Warrior mentality/mindset is believed to start out at the beginning of the job, when safety becomes a concern while on the job for a police officer. As a police officer, you face situations that need you to be on your toes, braced for anything, mind aflame with readiness for action as the ‘flight or flight’ response that every human being shares hums through your body like a thousand volts. It is a response that can cause events, actions, to occur that have led to scandal or negative reactions from the public. Though the attempt at a positive or understandable reasons for these kinds of responses range from international to domestic threats to American citizens, and that if people obey the police then no harm will occur, they instead shine light on the glaring errors of this mindset. The police are not meant to be warriors, for they are not soldiers. And as much as the media likes to believe (war on crime, war on drugs) the police are not those going to war. A warrior does not belong on the street chasing down a 16-year-old boy who has stolen 50 dollars from a local convenience store where violence may be the first reaction. A warrior is a soldier fighting for their lives or ours on the battlefield home or abroad, were violence is a unfortunate but necessary task.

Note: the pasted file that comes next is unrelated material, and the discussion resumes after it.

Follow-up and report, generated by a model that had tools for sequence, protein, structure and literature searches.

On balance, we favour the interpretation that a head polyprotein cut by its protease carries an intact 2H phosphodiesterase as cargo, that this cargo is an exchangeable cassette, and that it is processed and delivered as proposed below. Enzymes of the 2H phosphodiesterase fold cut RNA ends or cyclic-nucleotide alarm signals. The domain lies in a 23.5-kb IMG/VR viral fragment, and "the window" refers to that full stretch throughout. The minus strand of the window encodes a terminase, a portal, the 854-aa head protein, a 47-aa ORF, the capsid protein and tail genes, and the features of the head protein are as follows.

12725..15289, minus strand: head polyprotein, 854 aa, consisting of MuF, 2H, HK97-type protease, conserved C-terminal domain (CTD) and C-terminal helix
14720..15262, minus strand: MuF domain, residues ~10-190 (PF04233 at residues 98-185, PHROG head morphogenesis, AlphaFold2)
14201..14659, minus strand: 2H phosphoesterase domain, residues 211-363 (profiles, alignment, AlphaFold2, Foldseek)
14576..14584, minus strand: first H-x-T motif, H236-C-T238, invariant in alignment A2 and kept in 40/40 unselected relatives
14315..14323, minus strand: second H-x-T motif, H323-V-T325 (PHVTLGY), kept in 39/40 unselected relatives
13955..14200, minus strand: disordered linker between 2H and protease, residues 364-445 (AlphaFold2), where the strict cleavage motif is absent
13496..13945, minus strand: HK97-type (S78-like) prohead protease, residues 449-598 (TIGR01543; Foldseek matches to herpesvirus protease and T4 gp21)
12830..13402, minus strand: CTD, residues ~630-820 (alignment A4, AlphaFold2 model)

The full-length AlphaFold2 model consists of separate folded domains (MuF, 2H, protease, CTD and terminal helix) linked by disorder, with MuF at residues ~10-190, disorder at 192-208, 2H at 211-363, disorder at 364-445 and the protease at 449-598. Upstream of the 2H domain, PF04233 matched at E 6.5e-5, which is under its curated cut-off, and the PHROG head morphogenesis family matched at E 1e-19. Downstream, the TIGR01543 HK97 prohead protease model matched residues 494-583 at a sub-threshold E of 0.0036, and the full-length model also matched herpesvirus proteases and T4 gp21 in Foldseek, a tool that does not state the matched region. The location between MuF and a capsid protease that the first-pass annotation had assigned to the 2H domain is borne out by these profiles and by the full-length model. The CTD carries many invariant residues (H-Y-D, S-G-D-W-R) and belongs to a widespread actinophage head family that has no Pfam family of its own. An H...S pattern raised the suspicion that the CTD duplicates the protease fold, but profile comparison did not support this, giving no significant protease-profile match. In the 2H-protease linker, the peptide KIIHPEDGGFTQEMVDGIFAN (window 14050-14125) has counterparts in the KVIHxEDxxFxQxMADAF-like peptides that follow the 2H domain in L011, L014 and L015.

In contrast to the warrior mentality, the guardian mindset is better known for not treating every person it meets as a possible combatant that may need to be taken down, and instead somebody to protect and keep safe from threats. Though this sounds unsafe, especially in this age where guns can appear and be used in the blink of an eye, the guardian mindset would be more acceptable now more than ever after recent police actions. Putting police officers in the mindset to truly protect the civilians instead of assuming each one is guilty is an increasingly important step in changing how the public interacts and views their police officers, both in their communities and on the national level.

Yes, the warrior mentality allows officers to remain safe while working their already dangerous jobs. Yes, the guardian mindset does open up the chances of an officer getting possibly injured on the job. But if there was a way to combine the two mindsets, forming one united to believe all people should be protected while at the same time ready to defend, than this would already be a contributing choice of police officer mentality before opening the doors to the gun lockers and letting them on the streets. The closest that comes to this is the guardian, and though it seems like it is the least safe option, it is the smart option. Understanding people, forming relationships with the communities and with the public as a whole will allow for police to interact with those communities to the safest degrees, sharing a united need for safety and protection that will, in the end, prove to be the building blocks to better policing and law enforcement in the United States.